[JAKARTA] Indonesia’s central bank on Friday announced new regulations on payment systems to try to consolidate existing rules, with new requirements on share ownership and capital that could impact firms providing payment services and infrastructure.
Filianingsih Hendarta, the head of Bank Indonesia’s payment systems department, said the new regulation, which takes effect on July 1, reflects advancements in payments and technology and aims to mitigate potential risks in the financial system.
Non-bank payment services will now need to have at least 15 per cent Indonesian owners, while at least 51 per cent of shares with voting rights must be owned by Indonesians, individuals or entities.
Non-bank payment infrastructure companies must be at least 80 per cent Indonesian-owned, it said.
It was not immediately clear how the shareholding and capital requirements will affect Indonesia’s growing number of application-based payment system firms, which include Gopay, OVO, and DANA.
OVO, according to company documents, is around 40 per cent owned by Indonesian e-commerce site Tokopedia. The site is in advanced talks with Gojek to merge, sources with knowledge of the matter have told Reuters.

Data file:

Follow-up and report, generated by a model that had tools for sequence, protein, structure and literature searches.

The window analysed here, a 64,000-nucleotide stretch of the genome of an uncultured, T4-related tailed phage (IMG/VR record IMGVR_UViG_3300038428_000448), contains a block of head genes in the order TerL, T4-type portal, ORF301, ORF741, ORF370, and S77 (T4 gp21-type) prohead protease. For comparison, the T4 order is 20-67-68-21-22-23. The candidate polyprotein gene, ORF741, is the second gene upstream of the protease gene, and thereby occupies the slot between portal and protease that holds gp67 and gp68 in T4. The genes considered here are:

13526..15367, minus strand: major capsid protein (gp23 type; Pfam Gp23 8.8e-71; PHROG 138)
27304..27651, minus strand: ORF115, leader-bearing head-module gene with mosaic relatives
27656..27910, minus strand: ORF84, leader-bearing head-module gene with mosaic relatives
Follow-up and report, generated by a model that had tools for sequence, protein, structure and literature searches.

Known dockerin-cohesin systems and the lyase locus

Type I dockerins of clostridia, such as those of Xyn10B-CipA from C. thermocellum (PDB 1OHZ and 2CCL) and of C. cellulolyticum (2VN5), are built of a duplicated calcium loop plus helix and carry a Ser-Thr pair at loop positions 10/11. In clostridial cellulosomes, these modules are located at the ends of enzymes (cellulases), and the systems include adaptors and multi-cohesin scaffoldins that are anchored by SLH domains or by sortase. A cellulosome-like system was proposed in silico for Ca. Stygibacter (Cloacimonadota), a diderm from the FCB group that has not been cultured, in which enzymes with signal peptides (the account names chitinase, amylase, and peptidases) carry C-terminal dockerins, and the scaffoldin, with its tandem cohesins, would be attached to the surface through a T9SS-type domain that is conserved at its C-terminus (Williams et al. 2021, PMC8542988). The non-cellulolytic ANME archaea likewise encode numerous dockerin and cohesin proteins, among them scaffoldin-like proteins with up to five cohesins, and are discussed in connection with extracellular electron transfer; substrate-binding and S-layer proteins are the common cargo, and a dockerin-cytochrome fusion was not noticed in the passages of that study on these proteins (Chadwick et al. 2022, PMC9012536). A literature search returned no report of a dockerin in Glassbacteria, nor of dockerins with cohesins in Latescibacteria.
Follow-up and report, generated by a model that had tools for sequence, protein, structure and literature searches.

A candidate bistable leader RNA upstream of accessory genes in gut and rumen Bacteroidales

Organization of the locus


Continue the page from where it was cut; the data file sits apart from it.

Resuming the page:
Gojek’s wallet GoPay and OVO welcomed the regulation.
OVO President Director Karaniya Dharmasaputra said the regulator’s new approach would promote good governance, protect consumers and was “important for an adaptive and innovative financial technology ecosystem”.
GoPay managing director Budi Gandasoebrata said the company would support the central bank’s implementation, while co-founder and CEO of DANA, Vincent Iswara, told Reuters DANA had always complied with the rules and would continue to do so.
The central bank is set to hold consultations with payment service companies starting this week, Mr Filianingsih said.